So how does this reasoning appy to the choices before us in 2016? There is no question that the Democratic nominee is disqualified on the basis of the single issue of abortion. The GOP nominee may be as well. But even if we were to grant for the sake of argument that he were not disqualified on the basis of his abortion views, he is disqualified on a number of other single issues. His pledge to direct our miliatry to commmit war crimes, his fomenting of mob-violence at political rallies, his appeal to racism, and a host of other character flaws are all single issues, any one of which by themselves would be disqualifying.

That is why the most common argument in favor of Trump–at least the one I’m hearing from evangelicals–isn’t compelling to me. And it shouldn’t be to them either.

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Albert Mohler discusses Trump and character in public leadership

Albert Mohler says that if he were to endorse Trump, he would have to apologize to President Clinton for everything he said about character and public leadership during the 1990’s. This is a good word. Mohler is not going to endorse any candidate, but it is clear where he stands on the Trump candidacy. Download here or listen below.

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Hugh Hewitt in high dudgeon

I don’ usually do this, but I have to pass on to you today’s episode of the Hugh Hewitt Show. He is my favorite political analyst/talking head, and he was hilarious today. He spoke like a man who has just experienced a tent-revival-style conversion. There was repentance (“I was wrong”), zeal, and a resolve to make converts to his cause.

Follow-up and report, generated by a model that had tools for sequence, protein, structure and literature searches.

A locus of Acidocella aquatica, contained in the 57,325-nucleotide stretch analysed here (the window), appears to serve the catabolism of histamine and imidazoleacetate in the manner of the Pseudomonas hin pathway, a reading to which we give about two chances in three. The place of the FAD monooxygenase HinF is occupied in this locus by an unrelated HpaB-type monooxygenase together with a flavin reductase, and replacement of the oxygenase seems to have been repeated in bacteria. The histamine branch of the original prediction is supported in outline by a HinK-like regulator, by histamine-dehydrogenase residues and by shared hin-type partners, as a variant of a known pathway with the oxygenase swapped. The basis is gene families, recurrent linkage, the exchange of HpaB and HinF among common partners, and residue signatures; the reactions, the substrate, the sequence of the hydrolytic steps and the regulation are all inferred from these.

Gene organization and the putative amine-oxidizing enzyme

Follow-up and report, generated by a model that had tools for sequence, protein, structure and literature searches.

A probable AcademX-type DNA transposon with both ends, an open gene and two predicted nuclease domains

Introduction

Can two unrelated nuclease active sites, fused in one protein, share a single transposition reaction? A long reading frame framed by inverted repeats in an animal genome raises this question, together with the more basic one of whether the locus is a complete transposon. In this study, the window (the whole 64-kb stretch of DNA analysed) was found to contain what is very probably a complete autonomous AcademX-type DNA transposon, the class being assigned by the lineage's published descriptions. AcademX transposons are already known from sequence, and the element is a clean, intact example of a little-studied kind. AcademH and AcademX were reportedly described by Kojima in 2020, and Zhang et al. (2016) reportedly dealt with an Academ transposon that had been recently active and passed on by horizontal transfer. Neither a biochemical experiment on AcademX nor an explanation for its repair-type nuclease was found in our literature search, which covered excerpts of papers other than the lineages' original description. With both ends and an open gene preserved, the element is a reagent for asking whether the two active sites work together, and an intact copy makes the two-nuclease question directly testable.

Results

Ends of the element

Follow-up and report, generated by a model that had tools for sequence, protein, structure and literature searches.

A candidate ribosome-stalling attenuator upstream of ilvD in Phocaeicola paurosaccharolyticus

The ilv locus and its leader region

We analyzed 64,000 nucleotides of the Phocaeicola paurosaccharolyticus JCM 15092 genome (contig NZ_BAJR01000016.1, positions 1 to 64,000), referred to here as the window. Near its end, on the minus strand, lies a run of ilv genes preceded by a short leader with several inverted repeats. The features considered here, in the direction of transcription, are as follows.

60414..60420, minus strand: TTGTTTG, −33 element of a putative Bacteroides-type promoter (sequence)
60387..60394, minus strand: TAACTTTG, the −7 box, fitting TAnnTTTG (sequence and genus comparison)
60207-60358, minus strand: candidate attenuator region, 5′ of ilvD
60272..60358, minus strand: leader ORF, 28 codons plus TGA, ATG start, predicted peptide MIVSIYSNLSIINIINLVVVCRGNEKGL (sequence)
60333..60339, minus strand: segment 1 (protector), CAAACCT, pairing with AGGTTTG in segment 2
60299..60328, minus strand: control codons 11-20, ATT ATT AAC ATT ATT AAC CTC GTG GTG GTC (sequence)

Until today, he has been copiously above the fray vis-à-vis the Trump candidacy. He has said that he’s “Switzerland”—committed to neutrality in the Republican primary and open to voting for GOP nominee even if it’s Trump. He has never been #NeverTrump, and has been arguing against #NeverTrump as wrong-headed. Continue Reading →

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Why the list of 10 judges does not placate the concerns of #NeverTrump

Donald Trump has released a list of conservative justices that he would consider appointing to the Supreme Court were he to be elected president. The list is an obvious attempt to win-over conservatives who are reluctant about his candidacy. But this list does not alleviate the concerns that many of us have about his candidacy.

First, Trump did not commit to pick anyone from the list! In fact he said he might pick someone who is not on the list. So the list means nothing. It’s no different from what he has previously said. And we are again being asked to trust the judgment of a man who changes his positions daily and who is a liar. Add to that his open support for Planned Parenthood and his total lack of interest in the Constitution, and it is not difficult to see why so many remain skeptical. How can he be trusted to appoint a solid justice?

Second, Trump’s would-be SCOTUS appointments do nothing to alleviate the larger issues with his candidacy. His character, temperament, and authoritarian tendencies suggest that he would be a menace to our Constitutional order. Robert Kagan explains in provocatively titled piece, “This is how fascism comes to America”: Continue Reading →